Child sex register to be set up within a month

A good start but it really should be public.

New Zealand’s first register of child sex offenders will be set up within 30 days.

Parliament on Thursday passed the bill that authorises it by 107 votes to 14.

Police and other agencies will have access to it, but the public won’t.

“Currently these offenders can disappear back into communities when they have completed a sentence or order,” Social Development Minister Anne Tolley said.

“When the register begins operating these offenders will be required by law to provide a range of personal; information, and inform the police of any change … we need all these names in one place, on one register.”  

She said the register would include offenders with name suppression “so no one will fall through the cracks”.

Offenders will stay on the register for life, 15 years or eight years depending on their offences and the sentenced imposed.

If they fail to provide the required information about themselves, which includes home and work addresses, any aliases, email address and car registration number, they can be fined or sent to prison.

“The register is set to commence 30 days after Royal Assent is granted,” Mrs Tolley said.

Royal Assent means the bill being signed by the governor-general, which usually happens within days of a third reading.

All the parties in parliament except the Greens supported the bill.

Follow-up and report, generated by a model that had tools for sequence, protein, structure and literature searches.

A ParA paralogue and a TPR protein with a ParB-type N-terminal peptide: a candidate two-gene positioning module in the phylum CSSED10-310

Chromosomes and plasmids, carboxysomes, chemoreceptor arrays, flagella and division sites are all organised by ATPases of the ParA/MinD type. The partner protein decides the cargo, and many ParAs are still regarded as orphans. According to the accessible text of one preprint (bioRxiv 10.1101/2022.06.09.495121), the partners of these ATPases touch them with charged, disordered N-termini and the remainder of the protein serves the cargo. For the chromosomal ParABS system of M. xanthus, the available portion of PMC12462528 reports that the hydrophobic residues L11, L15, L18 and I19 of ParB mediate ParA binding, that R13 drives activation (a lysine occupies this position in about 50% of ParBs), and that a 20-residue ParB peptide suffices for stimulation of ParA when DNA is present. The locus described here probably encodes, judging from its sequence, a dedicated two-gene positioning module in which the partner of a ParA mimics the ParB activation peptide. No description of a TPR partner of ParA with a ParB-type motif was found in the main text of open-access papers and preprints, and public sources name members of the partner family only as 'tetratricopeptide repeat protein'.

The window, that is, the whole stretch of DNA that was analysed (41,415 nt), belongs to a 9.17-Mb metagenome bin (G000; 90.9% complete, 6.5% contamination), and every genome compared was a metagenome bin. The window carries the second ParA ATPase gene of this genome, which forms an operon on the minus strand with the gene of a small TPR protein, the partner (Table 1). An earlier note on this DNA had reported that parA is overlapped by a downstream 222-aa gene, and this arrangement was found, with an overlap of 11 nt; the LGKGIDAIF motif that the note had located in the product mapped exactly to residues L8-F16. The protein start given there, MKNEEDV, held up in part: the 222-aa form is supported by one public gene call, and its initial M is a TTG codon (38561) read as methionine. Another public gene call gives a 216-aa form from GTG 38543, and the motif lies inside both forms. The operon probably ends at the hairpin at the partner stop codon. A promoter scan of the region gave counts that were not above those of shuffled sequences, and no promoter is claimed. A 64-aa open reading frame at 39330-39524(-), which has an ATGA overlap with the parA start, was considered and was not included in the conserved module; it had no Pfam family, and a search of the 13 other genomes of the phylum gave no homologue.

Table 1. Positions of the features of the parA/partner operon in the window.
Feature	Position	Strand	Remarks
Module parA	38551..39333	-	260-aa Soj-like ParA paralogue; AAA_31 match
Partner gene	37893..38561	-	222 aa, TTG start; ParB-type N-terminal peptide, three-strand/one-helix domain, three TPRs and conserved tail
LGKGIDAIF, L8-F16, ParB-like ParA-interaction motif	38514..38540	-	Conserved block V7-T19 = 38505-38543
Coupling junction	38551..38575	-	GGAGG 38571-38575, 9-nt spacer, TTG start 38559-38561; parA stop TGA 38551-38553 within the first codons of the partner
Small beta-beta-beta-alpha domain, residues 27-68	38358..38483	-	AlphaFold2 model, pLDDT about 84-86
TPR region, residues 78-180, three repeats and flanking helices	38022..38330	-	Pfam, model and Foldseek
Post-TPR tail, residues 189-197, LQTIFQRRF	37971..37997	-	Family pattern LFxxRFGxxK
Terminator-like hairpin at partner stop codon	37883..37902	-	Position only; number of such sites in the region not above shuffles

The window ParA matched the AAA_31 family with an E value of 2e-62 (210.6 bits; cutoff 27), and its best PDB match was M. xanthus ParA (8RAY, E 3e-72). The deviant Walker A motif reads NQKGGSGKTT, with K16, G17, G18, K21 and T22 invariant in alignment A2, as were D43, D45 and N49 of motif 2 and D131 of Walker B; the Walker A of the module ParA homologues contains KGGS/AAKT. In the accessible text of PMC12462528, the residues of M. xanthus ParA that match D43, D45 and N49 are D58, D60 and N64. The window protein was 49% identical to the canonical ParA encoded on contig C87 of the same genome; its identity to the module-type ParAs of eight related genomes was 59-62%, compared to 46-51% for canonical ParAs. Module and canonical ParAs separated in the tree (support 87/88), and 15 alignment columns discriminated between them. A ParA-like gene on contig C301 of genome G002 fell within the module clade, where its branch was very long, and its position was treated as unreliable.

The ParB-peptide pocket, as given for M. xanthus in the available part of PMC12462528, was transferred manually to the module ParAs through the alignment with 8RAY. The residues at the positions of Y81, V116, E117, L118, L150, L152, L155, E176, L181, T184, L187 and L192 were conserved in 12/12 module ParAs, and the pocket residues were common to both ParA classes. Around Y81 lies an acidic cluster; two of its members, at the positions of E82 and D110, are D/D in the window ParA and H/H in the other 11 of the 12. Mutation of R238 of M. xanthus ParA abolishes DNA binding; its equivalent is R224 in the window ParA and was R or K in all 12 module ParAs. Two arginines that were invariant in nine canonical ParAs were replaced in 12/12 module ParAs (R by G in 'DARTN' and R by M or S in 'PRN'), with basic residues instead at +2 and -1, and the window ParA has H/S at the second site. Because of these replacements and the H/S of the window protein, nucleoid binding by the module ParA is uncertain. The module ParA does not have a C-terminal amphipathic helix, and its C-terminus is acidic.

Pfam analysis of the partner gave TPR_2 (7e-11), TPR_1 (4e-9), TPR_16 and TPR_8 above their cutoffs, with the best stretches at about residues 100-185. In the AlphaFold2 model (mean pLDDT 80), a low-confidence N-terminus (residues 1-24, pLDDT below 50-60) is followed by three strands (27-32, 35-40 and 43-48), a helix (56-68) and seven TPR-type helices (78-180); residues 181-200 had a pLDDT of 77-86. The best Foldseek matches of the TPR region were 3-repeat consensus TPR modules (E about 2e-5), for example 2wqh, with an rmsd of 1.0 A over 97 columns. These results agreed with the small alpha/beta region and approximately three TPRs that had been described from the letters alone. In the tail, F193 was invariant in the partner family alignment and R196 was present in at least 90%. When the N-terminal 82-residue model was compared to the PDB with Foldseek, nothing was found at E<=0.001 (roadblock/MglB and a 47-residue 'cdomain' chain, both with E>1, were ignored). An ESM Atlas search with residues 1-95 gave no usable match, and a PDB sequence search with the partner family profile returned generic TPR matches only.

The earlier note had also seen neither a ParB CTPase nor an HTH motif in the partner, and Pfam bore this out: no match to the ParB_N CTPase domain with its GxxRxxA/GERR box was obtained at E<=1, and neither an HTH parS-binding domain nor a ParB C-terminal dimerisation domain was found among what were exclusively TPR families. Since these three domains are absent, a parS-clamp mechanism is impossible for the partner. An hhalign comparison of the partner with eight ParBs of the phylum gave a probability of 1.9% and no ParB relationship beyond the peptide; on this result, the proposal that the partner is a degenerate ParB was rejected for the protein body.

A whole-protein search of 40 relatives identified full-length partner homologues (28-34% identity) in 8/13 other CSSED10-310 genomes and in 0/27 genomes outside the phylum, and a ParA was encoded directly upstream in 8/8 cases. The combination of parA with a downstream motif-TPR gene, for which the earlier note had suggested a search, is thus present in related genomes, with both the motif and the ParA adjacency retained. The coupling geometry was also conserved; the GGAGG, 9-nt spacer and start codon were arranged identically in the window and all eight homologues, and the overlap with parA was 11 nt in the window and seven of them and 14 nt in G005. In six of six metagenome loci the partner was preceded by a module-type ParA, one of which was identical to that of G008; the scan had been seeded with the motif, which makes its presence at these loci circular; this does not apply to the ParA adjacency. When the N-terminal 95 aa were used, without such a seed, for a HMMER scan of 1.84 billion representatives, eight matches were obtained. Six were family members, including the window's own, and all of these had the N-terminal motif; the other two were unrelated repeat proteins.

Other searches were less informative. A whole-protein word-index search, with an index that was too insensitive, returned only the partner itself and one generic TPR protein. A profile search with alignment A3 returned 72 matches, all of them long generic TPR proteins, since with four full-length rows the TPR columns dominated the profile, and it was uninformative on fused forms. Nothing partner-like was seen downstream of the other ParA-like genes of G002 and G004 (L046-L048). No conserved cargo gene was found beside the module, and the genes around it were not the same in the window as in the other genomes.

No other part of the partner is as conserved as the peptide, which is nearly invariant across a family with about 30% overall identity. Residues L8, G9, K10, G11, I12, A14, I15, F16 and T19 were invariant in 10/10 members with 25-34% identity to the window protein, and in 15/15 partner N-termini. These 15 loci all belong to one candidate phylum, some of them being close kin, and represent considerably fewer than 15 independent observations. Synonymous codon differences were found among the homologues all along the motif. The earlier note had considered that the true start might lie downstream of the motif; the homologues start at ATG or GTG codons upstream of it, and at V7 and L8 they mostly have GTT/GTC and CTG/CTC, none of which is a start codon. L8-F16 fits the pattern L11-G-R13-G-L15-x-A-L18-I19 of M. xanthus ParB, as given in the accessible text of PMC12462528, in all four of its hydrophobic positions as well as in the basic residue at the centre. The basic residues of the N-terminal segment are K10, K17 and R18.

So, the Greens are campaigning to be the party that supports pedos?

 

– NZNewswire


Do you want ad-free access to our Daily Crossword?

Do you want access to daily Incite Politics Magazine articles?

Silver Subscriptions and above go in the draw to win a $500 prize to be drawn at the end of March

Not yet one of our awesome subscribers? Click Here and join us.

As much at home writing editorials as being the subject of them, Cam has won awards, including the Canon Media Award for his work on the Len Brown/Bevan Chuang story.  And when he’s not creating the news, he tends to be in it, with protagonists using the courts, media and social media to deliver financial as well as death threats.

They say that news is something that someone, somewhere, wants kept quiet.   Cam Slater doesn’t do quiet, and as a result he is a polarising, controversial but highly effective journalist that takes no prisoners.

He is fearless in his pursuit of a story.

Love him or loathe him.  But you can’t ignore him.

41%